Yanks Beating Expectations with Unlikley Cast as a Good Problem Approaches


May 12, 2013; Kansas City, MO, USA; New York Yankees left fielder Vernon Wells (12) runs the bases after hitting a home run in the third inning against the Kansas City Royals at Kauffman Stadium. Mandatory Credit: John Rieger-USA TODAY Sports

With a slew of preseason injuries all that was expected of the New York Yankees early on in 2013 was to stay afloat.

With Derek Jeter, Mark Teixeira, Curtis Granderson and Alex Rodriguez all sidelined with significant injuries this team wasn’t expected to spring out of the gait. A .500 record through the first two months seemed realistic- and acceptable. Then maybe, with some of their horses back, they might heat up with the weather.

Yet, six weeks into the season the Yankees are in first place in the American league East. Not only have they exceeded expectations, the Bronx bombers are off to one of their best starts in recent years at 24-14.

They are doing it with traditional baseball success. The Yanks rank fifth in E.R.A. and fourth in fielding percentage across the American league.

Offensively, it’s a different cast. A much cheaper cast. Guys like Lyle Overbay, Vernon Wells and Travis Hafner comprise the middle of Joe Girardi’s lineup card these days. And whether the myth of older players being galvanized by the pinstripes is true or not, these 30-somethings are having renaissance seasons in the Bronx.

Consider Vernon Wells who, with the Angels last year hit 11 home runs and looked to be washed up player with slow bat. Los Angeles was willing to pay much of his salary just to get rid of him. Now, through May 13th of this season, the guy has almost matched last year’s total with nine home runs.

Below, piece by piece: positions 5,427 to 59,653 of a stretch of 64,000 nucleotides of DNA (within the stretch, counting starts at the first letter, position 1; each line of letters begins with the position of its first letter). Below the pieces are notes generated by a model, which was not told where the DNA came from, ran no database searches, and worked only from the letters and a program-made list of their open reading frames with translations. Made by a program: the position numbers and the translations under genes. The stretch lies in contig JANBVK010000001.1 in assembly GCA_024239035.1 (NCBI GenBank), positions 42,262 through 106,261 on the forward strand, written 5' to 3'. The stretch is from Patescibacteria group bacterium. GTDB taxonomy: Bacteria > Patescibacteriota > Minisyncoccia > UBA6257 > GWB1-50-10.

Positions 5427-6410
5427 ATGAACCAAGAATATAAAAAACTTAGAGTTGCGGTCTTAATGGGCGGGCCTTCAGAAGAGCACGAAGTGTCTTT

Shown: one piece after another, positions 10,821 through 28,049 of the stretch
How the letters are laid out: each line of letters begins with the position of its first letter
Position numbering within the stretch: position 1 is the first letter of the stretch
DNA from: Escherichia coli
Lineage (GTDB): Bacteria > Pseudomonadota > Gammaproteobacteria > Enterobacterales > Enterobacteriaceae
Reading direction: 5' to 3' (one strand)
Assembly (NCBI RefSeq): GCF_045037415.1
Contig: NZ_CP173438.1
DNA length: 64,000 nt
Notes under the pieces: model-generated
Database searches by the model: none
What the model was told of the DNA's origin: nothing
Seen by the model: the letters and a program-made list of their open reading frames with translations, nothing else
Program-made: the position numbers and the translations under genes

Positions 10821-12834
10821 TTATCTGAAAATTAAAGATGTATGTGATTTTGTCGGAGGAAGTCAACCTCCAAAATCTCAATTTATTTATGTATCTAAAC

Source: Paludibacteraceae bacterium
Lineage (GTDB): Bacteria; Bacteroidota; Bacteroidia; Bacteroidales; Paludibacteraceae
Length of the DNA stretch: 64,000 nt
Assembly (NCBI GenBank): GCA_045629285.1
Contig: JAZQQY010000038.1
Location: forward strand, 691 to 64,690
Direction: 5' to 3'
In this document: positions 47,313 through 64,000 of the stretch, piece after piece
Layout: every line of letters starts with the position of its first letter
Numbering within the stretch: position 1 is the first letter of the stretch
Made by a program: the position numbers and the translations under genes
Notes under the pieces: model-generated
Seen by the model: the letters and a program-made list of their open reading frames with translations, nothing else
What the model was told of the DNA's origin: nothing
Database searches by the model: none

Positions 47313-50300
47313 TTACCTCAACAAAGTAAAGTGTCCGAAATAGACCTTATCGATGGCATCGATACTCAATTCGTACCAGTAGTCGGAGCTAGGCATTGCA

But the regulars are not going to be hurt forever. Granderson’s return is imminent. Once he does return, along with Jeter, Teixeira, and dare I say Rodriguez, filling out the lineup card will be like a jigsaw puzzle for Joe Girardi.

It is going to be tough to take playing time away from Wells rights now. Brett Gardner’s defense is too valuable in centerfield. Does that make Ichiro the odd man out? And Hafner is a guy who is strictly a DH. He isn’t even allowed to go near a glove considering his injury history the past five seasons. Once A-Rod and his brittle body returns Girardi will have an overabundance of DH types, if we assume Derek Jeter is going to command several half days off as well.  That’s not even including Kevin Youkilis who was swinging the bat well prior to landing on the DL, and Eduardo Nunez, another wounded infielder and a guy the organization wants to stick with going forward.

Finding the right lineup chemistry, creating something whole and breathing with this collection of parts is not going to be easy for the manager. It is going to be key to get each and every one of these players enough at-bats to stay sharp. Of course, this is a good problem to have. A problem cross-town manager Terry Collins would sign up for in a heartbeat.

The hot start means the Yankees don’t have to rush their injured stars back. It means extra rehab for Teixeira, whose torn tendon sheath is a notoriously tricky injury. It also allows Granderson to play more minor league games learning the corner outfield positions, because taking Gardner out of centerfield is just a poor baseball decision.

There are difficult decisions down the road. Some will be released, others benched. If the Yankees are in the midst of a pennant race next September, we can’t forget the outstanding job some of these players have done in the wake of injuries.

Afloat? Swimming strong, really.